Beads were injected in KV and movement analyzed at the six-somite stage as described (Essner et al., 2005; Okabe and Burdine, 2008). After imaging, embryos were raised to 48 hpf to distinguish mutants from siblings using the CTD phenotype and heart looping was scored. Defects in fluid flow were annotated using a blind test involving nine people who analyzed unlabeled movies from sea siblings or mutants compared with wild-type embryos. Flow is annotated as described previously (Essner et al., 2005).


Mutations in seahorse consistently result in body curvature defects and pronephric cysts

tg238a was isolated in a large-scale screen conducted in Tübingen as a curly tail down (CTD) mutant with pronephric cysts (Brand et al., 1996). fa20r was isolated in an independent F3 screen for pronephric cyst mutations [as previously described in Chen et al. (Chen et al., 2001)]. Complementation crosses between fa20r and tg238a heterozygous parents resulted in 25% CTD F1 embryos with pronephric cysts, confirming that the mutations were allelic (data not shown). The gene mutated in fa20r and tg238a was independently cloned in a retroviral insertional mutagenesis screen for genes causing pronephric cysts (Sun et al., 2004) and named seahorse (sea, NCBI AY618925). Thus, we will refer to our alleles as seafa20r and seatg238a. The CTD phenotype in seafa20r and seatg238a embryos is first detectable at 27 hours post fertilization (hpf) and persists through later stages (data not shown and Fig. 2A-C). Both alleles develop pronephric cysts that are morphologically visible in all mutant embryos by 3.5 dpf (Table 1; Fig. 2D-F; and data not shown).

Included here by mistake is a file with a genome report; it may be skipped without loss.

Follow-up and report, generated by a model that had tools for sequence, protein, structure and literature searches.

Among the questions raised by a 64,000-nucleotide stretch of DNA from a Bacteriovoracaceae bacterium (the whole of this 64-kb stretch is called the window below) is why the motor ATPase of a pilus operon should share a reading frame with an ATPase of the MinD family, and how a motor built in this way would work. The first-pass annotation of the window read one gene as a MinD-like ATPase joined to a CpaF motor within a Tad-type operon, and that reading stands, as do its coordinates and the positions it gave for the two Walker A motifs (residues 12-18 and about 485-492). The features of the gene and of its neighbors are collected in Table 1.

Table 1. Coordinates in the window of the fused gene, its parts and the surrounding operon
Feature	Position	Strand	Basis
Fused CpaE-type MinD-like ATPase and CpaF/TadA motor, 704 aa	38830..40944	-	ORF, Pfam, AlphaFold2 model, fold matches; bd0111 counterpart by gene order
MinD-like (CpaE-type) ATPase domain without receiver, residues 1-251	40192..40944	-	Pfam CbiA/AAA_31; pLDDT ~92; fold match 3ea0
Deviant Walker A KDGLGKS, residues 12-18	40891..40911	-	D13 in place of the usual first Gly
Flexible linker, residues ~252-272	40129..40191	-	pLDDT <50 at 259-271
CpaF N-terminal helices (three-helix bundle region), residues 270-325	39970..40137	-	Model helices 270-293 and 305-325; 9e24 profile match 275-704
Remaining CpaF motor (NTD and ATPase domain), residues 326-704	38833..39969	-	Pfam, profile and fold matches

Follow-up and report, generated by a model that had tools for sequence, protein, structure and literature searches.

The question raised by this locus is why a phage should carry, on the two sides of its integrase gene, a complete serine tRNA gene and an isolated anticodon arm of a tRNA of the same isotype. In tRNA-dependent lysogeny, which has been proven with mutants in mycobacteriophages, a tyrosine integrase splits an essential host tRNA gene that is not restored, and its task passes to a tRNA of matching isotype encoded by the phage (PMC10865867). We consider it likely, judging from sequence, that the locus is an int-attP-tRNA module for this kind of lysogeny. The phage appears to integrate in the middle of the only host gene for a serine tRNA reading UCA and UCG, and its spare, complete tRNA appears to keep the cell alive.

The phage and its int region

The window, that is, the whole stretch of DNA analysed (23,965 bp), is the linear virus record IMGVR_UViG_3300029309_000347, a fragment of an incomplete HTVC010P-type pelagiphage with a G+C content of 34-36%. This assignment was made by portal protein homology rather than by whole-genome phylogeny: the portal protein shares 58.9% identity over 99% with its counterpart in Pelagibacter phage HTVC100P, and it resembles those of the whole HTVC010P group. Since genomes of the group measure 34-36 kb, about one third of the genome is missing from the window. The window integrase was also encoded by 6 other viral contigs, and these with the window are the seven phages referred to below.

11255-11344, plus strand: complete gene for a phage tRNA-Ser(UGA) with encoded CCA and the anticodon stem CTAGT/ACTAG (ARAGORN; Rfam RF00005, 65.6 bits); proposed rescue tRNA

View this table:
Table 1.

Phenotypes of sea mutants, morphants and mRNA-rescued embryos

Fig. 1.

seahorse encodes Lrrc6l. (A-A″) sea encodes a 440 amino acid protein (Ai); the N terminus contains four LRR motifs terminated by an LRR cap motif (green; Aii). The fourth LRR motif is disrupted by the seatg238a L93P missense mutation (pink). seafa20r Q201X nonsense mutation truncates the protein shortly after the coiled-coil (pink). The protein is predicted to contain three weak nuclear export signals (NES) and one strong nuclear localization signal (Aiii). (A′) Lrrc6l is conserved among species. An ortholog from T. brucei is 39% identical to amino acids 1-363 of Sea. Orthologs from Xenopus and mouse are 55% identical and 54% to amino acids 1-440 of Lrrc6l, respectively, and extend roughly 30 amino acids beyond the Lrrc6l C terminus. (A″) Alignment of the four Lrrc6l LRR motifs; the consensus Lrrc6l LRR sequence is [L/C]xxLxxLxLxxNxIxxIxxVxx(x) and is most similar to repeats in the SDS22-like subfamily (Kobe and Kajava, 2001). The core LRR consensus sequence shared among all LRR proteins, LxxLxLxxN/CxL (x can be any amino acid and L positions can be V, I or F), is underlined (Kobe and Kajava, 2001). (B-B″′) seafa20r is a 702C→T transition in exon 5 encoding a Q201X truncation (B,B′). seatg238a is a 273T→C transition in exon 3 encoding an L93P missense (B″,B″′). (C-C″′) Genotyping (C,C″) seafa20r (red) creates an AluI restriction site (black nucleotides), cleaving the 114 base pair (bp) PCR product into 81 and 33 bp fragments. (C′,C″′) seatg238a (red) abolishes an FspBI restriction site (black nucleotides), preventing cleavage of the 176 bp fragment into 114 and 62 bp fragments. (D,D′) Genotyping results. The left-most lanes contain DNA size markers with upper band at 200 bp and lower band at 100 bp.